Child buying bill fails

March 03, 2009|By ERIN CUNNINGHAM

ANNAPOLIS -- Lawmakers in the Maryland Senate have turned down a bill proposed by Sen. Donald F. Munson that would have made it illegal for someone to buy a child.

The same bill, cross-filed in the House by Del. Andrew A. Serafini, R-Washington, also died in committee last month.

However, Munson, R-Washington, said he plans to push for the bill again next year.

He said he did not know why the bill died, but committee members in the House said they turned it down because they thought it was unnecessary. The bill also would have made it illegal to offer to buy a child.

It currently is a crime to sell a child, and Munson has said the bill proposed by both lawmakers would correct an "oversight" in the law.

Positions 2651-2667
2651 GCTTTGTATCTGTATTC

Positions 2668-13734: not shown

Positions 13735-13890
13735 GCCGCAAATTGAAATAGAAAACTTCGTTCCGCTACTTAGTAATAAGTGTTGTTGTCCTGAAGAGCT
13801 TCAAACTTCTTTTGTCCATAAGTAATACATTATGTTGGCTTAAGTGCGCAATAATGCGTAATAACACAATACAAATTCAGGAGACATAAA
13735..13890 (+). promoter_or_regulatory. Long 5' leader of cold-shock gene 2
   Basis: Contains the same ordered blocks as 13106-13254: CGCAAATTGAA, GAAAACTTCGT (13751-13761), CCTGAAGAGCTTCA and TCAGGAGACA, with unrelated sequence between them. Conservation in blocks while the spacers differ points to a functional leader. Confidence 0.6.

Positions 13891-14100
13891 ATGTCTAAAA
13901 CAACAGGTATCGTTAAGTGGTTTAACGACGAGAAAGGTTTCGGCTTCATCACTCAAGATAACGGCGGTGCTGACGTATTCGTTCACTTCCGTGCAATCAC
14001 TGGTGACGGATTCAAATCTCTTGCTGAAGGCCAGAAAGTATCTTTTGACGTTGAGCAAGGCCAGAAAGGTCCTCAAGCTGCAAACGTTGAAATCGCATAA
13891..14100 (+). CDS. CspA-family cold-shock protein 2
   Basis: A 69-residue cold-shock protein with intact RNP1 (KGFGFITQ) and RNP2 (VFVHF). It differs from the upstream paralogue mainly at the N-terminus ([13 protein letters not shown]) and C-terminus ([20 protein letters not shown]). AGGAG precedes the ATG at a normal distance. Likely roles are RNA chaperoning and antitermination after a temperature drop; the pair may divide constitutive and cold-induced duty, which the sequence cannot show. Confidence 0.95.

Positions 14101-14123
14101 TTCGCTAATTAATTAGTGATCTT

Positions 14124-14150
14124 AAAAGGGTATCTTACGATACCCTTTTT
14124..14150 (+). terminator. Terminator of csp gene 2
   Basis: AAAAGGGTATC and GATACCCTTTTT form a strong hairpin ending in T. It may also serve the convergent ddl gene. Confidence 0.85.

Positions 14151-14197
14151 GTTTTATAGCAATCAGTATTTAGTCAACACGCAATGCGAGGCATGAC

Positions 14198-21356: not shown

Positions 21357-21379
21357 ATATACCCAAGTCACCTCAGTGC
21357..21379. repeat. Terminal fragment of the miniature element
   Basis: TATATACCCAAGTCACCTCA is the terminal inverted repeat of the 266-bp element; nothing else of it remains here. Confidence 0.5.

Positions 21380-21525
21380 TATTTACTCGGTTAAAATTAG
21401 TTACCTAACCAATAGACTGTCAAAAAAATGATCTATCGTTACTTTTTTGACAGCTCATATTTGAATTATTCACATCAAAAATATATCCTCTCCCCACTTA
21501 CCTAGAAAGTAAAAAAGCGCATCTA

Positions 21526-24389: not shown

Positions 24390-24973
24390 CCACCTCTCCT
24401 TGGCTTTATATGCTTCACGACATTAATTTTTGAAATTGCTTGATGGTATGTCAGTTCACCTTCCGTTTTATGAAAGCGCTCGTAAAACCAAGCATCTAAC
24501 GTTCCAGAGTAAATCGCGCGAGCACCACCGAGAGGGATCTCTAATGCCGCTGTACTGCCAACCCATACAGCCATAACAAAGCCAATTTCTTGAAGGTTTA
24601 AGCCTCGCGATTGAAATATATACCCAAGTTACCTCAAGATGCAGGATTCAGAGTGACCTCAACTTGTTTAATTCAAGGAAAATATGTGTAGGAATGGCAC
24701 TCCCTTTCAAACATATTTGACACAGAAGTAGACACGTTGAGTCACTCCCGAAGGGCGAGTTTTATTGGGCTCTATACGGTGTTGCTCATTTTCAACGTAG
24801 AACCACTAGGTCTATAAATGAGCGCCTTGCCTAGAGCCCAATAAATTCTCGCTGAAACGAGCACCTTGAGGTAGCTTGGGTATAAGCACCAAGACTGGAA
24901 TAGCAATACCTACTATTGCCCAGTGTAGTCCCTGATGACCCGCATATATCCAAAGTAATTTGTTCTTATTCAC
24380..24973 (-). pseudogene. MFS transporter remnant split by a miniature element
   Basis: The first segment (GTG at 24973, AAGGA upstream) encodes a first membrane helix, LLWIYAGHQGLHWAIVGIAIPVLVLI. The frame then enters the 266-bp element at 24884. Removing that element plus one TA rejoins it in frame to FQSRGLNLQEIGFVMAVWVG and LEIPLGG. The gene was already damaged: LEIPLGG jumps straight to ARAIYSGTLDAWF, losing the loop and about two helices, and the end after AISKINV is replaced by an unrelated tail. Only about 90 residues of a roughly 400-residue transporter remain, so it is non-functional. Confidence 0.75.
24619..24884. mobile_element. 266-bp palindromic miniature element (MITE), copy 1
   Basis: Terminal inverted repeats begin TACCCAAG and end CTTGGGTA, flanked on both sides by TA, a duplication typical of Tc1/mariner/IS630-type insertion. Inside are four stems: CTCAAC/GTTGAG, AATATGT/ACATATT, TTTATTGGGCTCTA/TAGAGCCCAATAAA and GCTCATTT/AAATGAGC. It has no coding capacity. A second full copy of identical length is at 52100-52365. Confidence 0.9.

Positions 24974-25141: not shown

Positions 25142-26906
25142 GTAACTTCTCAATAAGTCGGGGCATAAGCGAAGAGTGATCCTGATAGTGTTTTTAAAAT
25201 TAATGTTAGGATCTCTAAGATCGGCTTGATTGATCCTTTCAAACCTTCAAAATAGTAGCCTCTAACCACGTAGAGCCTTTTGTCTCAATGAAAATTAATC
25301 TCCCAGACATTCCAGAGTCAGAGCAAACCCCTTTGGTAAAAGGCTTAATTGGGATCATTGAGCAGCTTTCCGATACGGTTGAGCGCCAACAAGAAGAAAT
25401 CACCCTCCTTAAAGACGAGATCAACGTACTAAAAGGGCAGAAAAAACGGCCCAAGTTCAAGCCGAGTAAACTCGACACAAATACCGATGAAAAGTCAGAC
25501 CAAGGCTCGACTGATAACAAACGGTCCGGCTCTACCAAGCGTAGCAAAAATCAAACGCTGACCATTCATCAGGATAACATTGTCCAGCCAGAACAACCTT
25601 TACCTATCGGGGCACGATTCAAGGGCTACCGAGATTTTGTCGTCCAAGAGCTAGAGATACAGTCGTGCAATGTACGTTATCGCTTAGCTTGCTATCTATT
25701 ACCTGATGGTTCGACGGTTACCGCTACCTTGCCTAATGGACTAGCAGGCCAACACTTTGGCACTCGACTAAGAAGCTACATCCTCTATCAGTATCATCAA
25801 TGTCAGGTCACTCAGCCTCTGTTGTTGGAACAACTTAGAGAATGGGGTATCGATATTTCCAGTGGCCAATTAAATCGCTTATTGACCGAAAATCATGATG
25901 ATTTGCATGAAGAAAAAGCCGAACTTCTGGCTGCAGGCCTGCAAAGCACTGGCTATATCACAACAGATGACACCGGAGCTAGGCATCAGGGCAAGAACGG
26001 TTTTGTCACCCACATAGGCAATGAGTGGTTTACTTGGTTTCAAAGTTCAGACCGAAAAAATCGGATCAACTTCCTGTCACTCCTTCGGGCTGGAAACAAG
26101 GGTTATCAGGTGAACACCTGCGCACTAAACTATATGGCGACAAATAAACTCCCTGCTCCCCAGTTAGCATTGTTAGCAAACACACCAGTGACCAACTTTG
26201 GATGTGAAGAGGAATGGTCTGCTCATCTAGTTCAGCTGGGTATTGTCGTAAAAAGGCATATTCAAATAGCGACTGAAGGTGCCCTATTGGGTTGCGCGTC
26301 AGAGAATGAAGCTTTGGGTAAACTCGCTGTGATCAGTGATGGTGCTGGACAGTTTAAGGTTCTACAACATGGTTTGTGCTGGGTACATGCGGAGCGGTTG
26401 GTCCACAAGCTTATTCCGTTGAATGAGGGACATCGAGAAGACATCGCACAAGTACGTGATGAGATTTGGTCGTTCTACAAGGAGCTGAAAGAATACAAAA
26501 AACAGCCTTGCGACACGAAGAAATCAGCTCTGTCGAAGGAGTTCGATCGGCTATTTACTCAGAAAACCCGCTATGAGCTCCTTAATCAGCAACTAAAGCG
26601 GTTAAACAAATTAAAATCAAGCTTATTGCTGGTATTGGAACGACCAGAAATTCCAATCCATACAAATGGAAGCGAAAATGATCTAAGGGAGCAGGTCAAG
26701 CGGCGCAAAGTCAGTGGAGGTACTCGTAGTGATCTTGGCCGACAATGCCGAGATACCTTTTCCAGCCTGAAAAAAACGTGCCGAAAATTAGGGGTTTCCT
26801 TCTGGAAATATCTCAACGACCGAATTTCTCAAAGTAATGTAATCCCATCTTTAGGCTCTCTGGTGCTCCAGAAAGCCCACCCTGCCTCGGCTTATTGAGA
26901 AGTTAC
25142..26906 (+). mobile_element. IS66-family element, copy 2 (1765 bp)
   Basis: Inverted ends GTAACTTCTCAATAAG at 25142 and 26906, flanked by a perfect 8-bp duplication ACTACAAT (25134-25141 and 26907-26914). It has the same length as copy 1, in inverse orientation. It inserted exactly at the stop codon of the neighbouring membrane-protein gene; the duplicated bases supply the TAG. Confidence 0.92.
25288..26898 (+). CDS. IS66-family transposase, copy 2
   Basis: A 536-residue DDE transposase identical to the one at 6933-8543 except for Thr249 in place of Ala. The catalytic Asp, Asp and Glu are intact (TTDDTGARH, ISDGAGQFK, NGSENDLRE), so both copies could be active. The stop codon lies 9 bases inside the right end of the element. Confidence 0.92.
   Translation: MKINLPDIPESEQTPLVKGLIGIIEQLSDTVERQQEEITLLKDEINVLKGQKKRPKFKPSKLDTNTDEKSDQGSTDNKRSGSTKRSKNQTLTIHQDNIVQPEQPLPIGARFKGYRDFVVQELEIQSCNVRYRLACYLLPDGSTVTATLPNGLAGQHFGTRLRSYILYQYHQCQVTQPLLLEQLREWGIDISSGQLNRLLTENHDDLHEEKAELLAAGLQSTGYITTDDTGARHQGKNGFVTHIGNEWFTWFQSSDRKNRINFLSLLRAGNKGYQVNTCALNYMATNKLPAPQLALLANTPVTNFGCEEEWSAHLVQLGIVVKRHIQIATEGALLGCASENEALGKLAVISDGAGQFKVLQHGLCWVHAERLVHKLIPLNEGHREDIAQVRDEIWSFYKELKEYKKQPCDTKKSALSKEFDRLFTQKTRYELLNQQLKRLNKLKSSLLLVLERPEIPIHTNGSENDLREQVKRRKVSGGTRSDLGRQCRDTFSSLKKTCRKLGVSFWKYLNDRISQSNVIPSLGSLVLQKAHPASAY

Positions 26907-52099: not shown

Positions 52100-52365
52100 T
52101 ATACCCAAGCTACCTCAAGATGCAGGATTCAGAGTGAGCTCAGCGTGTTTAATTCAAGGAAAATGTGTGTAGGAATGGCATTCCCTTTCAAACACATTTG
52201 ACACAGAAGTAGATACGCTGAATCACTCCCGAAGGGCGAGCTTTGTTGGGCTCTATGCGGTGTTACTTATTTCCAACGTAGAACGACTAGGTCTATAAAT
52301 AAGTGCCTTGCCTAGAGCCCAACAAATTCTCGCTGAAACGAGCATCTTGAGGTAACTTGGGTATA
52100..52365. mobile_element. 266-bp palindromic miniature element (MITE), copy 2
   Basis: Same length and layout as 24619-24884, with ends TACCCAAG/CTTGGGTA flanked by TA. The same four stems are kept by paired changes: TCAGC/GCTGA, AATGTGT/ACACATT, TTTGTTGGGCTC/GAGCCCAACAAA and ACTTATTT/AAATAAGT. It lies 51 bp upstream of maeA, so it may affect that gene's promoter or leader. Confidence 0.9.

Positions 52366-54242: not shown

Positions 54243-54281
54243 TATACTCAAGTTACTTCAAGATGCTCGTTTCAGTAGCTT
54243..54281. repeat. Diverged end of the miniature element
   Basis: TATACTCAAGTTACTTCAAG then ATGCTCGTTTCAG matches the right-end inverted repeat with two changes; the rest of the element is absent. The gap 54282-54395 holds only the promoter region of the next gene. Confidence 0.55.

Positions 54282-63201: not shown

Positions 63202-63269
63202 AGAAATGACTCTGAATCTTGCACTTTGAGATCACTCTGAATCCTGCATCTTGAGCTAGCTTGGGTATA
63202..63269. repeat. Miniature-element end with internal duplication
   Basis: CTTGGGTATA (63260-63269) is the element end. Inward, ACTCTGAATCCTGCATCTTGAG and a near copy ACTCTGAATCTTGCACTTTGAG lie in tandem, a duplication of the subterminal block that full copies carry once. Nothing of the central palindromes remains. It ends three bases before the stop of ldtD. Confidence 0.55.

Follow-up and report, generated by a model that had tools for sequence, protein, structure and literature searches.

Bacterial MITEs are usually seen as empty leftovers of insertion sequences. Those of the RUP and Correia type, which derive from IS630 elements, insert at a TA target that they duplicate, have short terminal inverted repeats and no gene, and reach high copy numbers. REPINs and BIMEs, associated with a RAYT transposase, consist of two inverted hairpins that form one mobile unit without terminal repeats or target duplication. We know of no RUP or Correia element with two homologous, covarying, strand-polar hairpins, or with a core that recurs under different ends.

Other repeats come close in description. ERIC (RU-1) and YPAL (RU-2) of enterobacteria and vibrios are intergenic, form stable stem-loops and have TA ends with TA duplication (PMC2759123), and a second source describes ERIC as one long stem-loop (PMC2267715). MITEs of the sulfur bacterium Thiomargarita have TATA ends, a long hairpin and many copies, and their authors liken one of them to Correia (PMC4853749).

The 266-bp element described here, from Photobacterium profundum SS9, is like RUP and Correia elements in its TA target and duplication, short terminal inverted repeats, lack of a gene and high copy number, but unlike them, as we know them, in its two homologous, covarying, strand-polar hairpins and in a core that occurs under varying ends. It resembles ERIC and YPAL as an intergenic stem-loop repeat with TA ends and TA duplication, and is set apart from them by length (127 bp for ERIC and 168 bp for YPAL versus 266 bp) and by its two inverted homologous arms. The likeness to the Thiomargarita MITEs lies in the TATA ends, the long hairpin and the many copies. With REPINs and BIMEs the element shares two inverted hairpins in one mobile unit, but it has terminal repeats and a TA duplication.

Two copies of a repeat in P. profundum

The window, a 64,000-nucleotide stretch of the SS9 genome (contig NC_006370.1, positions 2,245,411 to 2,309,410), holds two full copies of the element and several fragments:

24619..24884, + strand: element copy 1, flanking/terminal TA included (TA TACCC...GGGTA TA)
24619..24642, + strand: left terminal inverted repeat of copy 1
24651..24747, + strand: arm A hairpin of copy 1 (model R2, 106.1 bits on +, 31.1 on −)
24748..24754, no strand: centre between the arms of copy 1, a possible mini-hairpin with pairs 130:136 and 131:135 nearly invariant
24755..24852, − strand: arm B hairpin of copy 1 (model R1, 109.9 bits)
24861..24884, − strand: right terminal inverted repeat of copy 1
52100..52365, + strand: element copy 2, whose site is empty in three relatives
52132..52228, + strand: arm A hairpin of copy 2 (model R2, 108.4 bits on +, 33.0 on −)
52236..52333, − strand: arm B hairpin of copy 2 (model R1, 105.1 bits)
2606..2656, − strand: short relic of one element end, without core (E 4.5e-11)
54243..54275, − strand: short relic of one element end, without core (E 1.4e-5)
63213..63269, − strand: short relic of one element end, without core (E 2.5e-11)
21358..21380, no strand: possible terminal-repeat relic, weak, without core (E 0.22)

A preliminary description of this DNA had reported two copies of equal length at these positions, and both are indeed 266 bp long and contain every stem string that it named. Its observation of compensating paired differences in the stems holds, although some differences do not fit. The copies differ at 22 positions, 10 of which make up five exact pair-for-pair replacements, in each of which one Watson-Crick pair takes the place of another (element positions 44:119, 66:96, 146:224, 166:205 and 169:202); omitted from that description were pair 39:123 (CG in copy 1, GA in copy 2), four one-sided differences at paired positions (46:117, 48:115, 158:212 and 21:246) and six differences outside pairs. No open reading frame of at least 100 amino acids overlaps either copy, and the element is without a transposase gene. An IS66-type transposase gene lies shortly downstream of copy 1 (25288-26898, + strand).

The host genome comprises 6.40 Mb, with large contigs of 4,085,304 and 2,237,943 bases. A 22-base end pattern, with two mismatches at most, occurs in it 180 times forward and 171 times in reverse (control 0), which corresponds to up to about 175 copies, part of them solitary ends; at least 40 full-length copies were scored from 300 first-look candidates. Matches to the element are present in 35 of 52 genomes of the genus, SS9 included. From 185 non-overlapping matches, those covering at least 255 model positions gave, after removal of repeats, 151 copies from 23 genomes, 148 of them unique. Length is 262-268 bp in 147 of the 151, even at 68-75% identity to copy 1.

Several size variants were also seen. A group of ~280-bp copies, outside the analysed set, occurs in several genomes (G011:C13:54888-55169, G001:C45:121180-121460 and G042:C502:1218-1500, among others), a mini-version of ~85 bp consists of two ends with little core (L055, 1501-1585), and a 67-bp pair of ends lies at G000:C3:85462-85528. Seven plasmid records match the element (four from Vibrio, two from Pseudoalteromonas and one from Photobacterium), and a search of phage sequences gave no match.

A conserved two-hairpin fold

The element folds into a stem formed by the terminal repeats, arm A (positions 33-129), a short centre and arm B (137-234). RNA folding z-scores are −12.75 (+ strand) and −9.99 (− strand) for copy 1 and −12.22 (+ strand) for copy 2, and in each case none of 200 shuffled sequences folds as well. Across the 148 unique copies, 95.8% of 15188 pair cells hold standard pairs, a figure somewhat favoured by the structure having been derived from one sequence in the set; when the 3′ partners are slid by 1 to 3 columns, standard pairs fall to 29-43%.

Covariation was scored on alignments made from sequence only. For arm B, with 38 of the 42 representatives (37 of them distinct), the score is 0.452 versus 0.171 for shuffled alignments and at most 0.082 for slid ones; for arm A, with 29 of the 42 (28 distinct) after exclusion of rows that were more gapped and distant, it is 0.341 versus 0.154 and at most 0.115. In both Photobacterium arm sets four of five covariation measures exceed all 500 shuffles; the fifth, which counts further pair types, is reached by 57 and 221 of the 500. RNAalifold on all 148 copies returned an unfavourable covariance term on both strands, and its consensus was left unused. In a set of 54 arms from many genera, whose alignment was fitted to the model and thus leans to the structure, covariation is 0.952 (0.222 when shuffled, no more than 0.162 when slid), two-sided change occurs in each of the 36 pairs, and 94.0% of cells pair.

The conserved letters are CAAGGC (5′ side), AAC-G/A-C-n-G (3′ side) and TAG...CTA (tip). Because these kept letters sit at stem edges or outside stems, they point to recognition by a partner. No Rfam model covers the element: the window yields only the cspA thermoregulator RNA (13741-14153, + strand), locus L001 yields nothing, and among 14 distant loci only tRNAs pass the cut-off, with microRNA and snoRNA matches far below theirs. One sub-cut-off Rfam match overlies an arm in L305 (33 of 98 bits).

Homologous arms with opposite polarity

Committee members in the House said they thought that buying or offering to buy a child was already prohibited under current law.


However, a letter from Assistant Attorney General Kathryn M. Rowe, addressed to Munson, said, "the buying of a minor is covered by the current law only to the extent that the payments are made in connection with an adoption. Otherwise, the purchase of a minor is not expressly prohibited."

"I think the attorney general's opinion was pretty clear," Serafini said. "I believe this is something that should have been fairly simple."

The bill was filed in response to an incident at City Park in Hagerstown in which a woman was approached by a stranger who offered to buy one of her five children. The man offered the woman $10,000 for her 4-month-old, and when she refused, the man offered her $20,000.

Munson said the Senate committee did not offer a reason why it killed the bill. Serafini said he also was given "no good reason" for why his bill was not approved.

"If it looks like it has a chance at all, we can make a change and submit it again next year," Munson said.

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